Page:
1 in 4 children in Latin America and the Caribbean are exposed to diseases that can be prevented with vaccines
PANAMÁ CITY, 25 April 2022 – In five years, the complete vaccination schedule for diphtheria, tetanus and pertussis (DTP3) in Latin America and the Caribbean has dropped from 90 percent in 2015 to 76 percent in 2020, according to data from the Pan American Health Organization (PAHO) and UNICEF. This means that one in four children in the region has not received the full routine vaccination schedule that would protect them from multiple diseases.
The decrease in vaccination coverage precedes the pandemic; but the cessation or irregular programming of many primary health care services during the pandemic and people's fear of catching COVID19 during visits to health centers is leaving many children without vaccines.
"The decline in vaccination rates in the region is alarming and puts millions of children and adolescents at risk of dangerous diseases that could be prevented," said Jean Gough, UNICEF Regional Director for Latin America and Caribbean. "The solution, and it has been proven to be effective: stronger vaccination programmes."
The 14 percentage point drop in vaccine coverage leaves nearly 2.5 million children without the complete DTP vaccination schedule and they are at risk of dangerous preventable diseases. Of them, 1.5 million are “zero doses”: they have not even received the first dose of that vaccine.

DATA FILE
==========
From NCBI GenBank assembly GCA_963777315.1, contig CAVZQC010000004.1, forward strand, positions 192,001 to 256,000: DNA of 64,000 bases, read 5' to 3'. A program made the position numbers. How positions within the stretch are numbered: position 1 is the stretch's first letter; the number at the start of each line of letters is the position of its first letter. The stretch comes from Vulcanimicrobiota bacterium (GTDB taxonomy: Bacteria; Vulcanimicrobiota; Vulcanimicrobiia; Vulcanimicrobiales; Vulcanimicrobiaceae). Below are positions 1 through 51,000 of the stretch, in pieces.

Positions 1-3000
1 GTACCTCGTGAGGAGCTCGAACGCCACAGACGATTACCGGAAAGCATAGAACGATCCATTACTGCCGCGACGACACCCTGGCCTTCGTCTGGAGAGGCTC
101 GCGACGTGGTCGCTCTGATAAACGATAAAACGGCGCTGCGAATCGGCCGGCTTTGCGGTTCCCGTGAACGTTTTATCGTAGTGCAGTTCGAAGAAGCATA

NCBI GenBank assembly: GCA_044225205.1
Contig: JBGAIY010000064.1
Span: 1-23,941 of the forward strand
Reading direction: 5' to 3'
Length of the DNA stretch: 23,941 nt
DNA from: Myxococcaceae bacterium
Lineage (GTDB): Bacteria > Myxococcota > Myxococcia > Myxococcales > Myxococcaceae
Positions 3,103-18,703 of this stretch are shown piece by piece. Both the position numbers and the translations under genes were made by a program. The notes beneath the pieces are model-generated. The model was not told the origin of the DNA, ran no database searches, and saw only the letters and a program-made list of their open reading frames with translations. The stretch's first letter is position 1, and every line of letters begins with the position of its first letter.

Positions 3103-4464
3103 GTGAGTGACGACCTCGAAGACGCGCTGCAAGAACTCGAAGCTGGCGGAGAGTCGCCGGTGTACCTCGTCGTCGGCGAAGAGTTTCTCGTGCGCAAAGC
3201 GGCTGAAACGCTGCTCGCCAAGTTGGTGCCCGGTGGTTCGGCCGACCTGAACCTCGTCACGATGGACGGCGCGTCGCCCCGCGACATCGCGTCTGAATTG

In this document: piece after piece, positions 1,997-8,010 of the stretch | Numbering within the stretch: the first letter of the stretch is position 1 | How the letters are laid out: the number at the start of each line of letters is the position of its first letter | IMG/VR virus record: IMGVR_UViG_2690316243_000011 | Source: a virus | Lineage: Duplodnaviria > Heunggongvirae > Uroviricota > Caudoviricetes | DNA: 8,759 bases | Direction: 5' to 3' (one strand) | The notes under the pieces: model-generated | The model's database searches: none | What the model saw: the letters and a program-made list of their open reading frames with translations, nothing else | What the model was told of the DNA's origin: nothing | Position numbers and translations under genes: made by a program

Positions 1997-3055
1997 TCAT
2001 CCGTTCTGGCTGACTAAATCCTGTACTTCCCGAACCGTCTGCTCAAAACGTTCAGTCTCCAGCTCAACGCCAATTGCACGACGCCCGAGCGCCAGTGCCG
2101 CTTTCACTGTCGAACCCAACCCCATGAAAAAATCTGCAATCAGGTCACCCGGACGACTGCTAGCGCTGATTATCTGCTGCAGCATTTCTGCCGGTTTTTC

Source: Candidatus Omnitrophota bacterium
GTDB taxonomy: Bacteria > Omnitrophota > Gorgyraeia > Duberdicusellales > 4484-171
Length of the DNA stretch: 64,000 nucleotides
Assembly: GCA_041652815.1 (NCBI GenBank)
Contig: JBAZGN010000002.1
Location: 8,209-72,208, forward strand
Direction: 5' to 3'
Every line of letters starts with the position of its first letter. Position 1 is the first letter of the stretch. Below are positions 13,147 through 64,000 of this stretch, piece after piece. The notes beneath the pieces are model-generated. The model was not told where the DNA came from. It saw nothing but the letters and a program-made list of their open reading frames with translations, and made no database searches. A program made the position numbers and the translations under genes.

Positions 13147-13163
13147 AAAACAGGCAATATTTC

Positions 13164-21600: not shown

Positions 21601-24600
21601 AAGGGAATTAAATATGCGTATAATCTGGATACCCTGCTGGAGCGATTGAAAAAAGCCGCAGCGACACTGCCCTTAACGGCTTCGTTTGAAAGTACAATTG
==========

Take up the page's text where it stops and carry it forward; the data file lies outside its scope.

The decrease in coverage exposes more children to the resurgence of preventable diseases and epidemiological outbreaks have already occurred. In example, while in 2013 only 5 people in the region got diphtheria, in 2018 almost 900 cases were registered, according to PAHO data. Measles sets higher alarms because it is caused by a highly contagious virus: in 2013 there were almost 500 cases; but in 2019, more than 23,000 people got the disease.
"As countries recover from the pandemic, immediate actions are needed to prevent coverage rates from further dropping, because the re-emergence of disease outbreaks poses a serious risk to all of society," Gough said. “This is an opportunity to restructure primary health care and reinforce the comprehensive and community approach that bring vaccines to the most vulnerable populations. We cannot lose the efforts of past decades and let dangerous diseases threaten the lives of children.”
UNICEF calls on the governments of Latin America and the Caribbean to urgently re-establish and strengthen routine immunization programs, develop campaigns to increase vaccine confidence and implement plans to reach all children and adolescents and their families; especially to the most vulnerable who do not have access to health services, due to their geographic location, migratory status or ethnic identity.
Notes to Editors